August 11, 2017 / 4:59 AM / 2 years ago

India's war on cash had valuable benefits

A customer waits to deposit 1000 Indian rupee banknotes in a cash deposit machine at bank in Mumbai, India, November 8, 2016. REUTERS/Danish Siddiqui

MUMBAI (Reuters Breakingviews) - Counting anything in a country of India’s size is a mammoth exercise. Nine months after Prime Minister Narendra Modi scrapped high-value banknotes in a clampdown on the “black economy”, there is no clarity on how much of the banned $240 billion individuals returned. Still, this has given real momentum to India’s anti-corruption campaign.

India is still wondering whether the radical move was worthwhile. It was designed to force people to give up illicit wealth rather than deposit it in the bank and risk attracting the scrutiny of the taxman. So if a high proportion of notes were returned, that would suggest Indians found it easy to wash funds before recouping their full value - or that there was an embarrassing amount of fake currency circulating.

At one stage, economists hoped that would yield a bumper payout from the RBI. Now the Reserve Bank of India is paying to New Delhi less than half the annual $11.7 billion dividend it expected, probably because of costs related to the experiment.

“Demonetisation”, as the move is known, has also clearly taken its toll on consumption. Annual economic growth slipped to 6.1 percent in January to March. It has also added to stress on the rural population. The pressure mean India will now have to stretch to meet its 3.2 percent fiscal deficit target.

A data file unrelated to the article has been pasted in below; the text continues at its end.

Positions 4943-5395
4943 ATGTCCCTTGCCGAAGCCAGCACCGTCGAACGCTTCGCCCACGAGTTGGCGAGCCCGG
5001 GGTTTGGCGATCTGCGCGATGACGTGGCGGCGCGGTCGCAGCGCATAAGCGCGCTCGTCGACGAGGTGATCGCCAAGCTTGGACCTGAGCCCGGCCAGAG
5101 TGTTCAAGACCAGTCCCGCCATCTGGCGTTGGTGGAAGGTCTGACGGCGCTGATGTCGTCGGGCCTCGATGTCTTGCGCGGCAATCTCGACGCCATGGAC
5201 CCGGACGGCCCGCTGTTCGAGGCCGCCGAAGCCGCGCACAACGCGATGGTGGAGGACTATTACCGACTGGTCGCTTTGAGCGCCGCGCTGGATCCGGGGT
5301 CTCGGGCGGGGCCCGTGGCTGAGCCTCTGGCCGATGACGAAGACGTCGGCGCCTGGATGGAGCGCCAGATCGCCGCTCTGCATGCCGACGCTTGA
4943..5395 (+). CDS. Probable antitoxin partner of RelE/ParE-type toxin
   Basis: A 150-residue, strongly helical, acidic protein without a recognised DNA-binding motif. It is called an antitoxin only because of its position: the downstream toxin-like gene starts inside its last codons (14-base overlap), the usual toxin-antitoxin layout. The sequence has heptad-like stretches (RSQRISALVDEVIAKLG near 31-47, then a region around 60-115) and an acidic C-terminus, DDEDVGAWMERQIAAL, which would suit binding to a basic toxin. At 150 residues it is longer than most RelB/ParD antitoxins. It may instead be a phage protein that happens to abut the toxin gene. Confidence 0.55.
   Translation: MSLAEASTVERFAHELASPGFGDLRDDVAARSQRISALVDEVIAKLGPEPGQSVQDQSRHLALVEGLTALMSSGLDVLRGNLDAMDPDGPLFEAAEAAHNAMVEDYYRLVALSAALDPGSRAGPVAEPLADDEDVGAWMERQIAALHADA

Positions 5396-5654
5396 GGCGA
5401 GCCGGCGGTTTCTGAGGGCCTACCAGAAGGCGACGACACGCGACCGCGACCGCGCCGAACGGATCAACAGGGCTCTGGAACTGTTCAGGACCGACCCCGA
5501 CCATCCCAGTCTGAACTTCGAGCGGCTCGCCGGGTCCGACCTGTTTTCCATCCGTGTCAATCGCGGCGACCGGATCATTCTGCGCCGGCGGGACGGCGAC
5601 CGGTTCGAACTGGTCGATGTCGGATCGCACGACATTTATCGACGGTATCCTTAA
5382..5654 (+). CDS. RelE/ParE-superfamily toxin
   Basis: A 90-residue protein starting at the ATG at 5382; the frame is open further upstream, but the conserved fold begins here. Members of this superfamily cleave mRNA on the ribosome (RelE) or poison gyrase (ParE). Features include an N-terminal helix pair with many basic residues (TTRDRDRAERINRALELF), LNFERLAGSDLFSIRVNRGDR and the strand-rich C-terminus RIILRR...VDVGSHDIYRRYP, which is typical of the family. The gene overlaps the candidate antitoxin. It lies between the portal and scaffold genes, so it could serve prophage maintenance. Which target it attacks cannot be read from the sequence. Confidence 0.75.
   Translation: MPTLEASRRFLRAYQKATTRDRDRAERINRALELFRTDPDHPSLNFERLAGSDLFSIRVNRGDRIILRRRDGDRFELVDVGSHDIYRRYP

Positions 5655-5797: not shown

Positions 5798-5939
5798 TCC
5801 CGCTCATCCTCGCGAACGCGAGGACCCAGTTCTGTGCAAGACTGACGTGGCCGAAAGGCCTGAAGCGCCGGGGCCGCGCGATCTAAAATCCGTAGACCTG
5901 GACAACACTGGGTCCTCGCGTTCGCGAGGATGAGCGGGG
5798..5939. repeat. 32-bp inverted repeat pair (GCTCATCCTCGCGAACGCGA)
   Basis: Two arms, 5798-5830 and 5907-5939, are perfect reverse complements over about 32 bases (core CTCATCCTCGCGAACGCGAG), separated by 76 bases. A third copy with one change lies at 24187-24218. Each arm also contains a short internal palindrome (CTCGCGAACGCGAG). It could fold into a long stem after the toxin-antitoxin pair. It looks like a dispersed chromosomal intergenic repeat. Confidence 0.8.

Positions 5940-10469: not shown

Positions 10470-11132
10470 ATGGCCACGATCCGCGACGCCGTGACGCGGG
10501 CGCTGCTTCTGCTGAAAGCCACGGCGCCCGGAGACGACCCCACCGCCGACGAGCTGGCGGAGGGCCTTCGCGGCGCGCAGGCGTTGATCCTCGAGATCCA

Yet one effect deserves more attention. Modi has changed the way rich people think and talk about compliance. This is a result of the note ban and other moves that will create a paper trail. These include forcing individuals to link their biometric identity to everything from tax returns and mobile phone numbers, to the implementation of India’s new goods and services tax.  

In sum, it looks like the net is closing. This week India reported a 25 percent increase in filings of income tax returns, more than twice the growth of the previous year. That is progress in a nation where less than 2 percent of people pay income tax. Corruption is the single biggest problem facing emerging economies. Modi’s fix is not perfect and may prove expensive in the short-term. But unorthodox policymaking, like demonetisation, and big data might together clean things up.


Reuters Breakingviews is the world's leading source of agenda-setting financial insight. As the Reuters brand for financial commentary, we dissect the big business and economic stories as they break around the world every day. A global team of about 30 correspondents in New York, London, Hong Kong and other major cities provides expert analysis in real time.

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